For years I have been hearing that healthy families, families with children who don’t become drug addicts or wastrels, eat dinner at the dinner table. No watching TV, no failing to show up due to soccer commitments. It is implied that, if a family chooses not to adhere to this trope, they are doomed. Also, irresponsible and asking for trouble. And bad.
If I haven’t mentioned it before, our daughter Ginsberg is so well-adjusted we are always startled when she is not upset. We, her neurotic parents, would be depressed for days if someone criticized our art, or blamed us for something that wasn’t our fault, or just looked at us cross-eyed. Or at all. (“They’re mocking us!” we often exclaim when driving about town. How dare people in other cars look at us?) Ginsberg gets annoyed, and then she forgets all about it. Often, we project our feelings onto her mentally healthy slate, only to realize she doesn’t even remember the incident we are sure is whittling away at her self-esteem.
Ginsberg is so psychologically sound she is patient with us when we act this way.
I can’t remember the last time we ate at a dinner table. Our table is in a room we hardly ever enter, except to clean up cat vomit or wrap presents. We eat on the couch, and we watch scads of TV. We also pause frequently to rant, ask for clarification, or discuss why the Bridezilla in this episode is actually right about the centerpieces. We try to guess who is the murderer. We tell anecdotes, or explain how the news (all news, everywhere — even Jon Stewart occasionally gets something askew) is misrepresenting the facts. We also like to disdain the overuse of eye makeup and trendy fashion.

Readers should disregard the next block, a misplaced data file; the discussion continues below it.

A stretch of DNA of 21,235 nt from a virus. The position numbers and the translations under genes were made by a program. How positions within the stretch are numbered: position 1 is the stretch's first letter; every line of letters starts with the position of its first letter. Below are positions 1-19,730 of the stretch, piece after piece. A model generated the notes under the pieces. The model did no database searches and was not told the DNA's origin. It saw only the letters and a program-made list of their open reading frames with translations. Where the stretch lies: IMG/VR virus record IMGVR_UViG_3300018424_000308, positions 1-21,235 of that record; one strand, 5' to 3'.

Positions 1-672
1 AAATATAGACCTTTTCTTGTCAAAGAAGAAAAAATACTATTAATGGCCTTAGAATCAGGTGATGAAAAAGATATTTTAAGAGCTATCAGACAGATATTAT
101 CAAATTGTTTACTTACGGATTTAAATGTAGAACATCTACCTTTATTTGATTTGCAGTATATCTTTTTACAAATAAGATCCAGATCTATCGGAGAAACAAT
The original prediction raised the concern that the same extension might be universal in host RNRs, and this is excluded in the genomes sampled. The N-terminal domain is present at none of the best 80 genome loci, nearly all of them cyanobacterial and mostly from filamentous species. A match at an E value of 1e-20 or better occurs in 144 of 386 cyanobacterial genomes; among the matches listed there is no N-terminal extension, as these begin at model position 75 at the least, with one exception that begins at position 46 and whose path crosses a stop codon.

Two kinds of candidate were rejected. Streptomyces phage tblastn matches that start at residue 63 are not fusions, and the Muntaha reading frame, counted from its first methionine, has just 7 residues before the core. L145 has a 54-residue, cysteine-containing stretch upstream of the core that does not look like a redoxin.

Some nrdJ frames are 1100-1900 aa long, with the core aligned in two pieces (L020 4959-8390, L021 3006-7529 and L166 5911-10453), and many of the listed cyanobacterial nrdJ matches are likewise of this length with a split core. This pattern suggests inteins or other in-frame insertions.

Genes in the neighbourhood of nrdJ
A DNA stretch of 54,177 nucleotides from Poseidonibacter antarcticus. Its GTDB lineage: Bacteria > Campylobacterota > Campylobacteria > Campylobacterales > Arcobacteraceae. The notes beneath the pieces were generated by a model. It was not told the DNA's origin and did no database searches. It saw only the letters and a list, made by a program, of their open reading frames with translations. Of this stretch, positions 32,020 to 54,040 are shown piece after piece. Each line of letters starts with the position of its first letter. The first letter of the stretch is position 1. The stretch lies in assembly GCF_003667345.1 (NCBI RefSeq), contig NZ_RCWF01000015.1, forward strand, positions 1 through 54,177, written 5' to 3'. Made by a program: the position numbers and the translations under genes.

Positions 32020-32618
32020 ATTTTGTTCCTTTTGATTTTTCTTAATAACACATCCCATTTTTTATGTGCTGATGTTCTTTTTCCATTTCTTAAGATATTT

So, as usual, when someone says a family must do X to be healthy, they are looking at a side issue, not the meat of the problem. Healthy families talk; healthy families like one another; healthy families want to hear what everyone has to say. The dinner table is just a piece of wood, people. And TV is a part of the world, made insanely convenient to observe.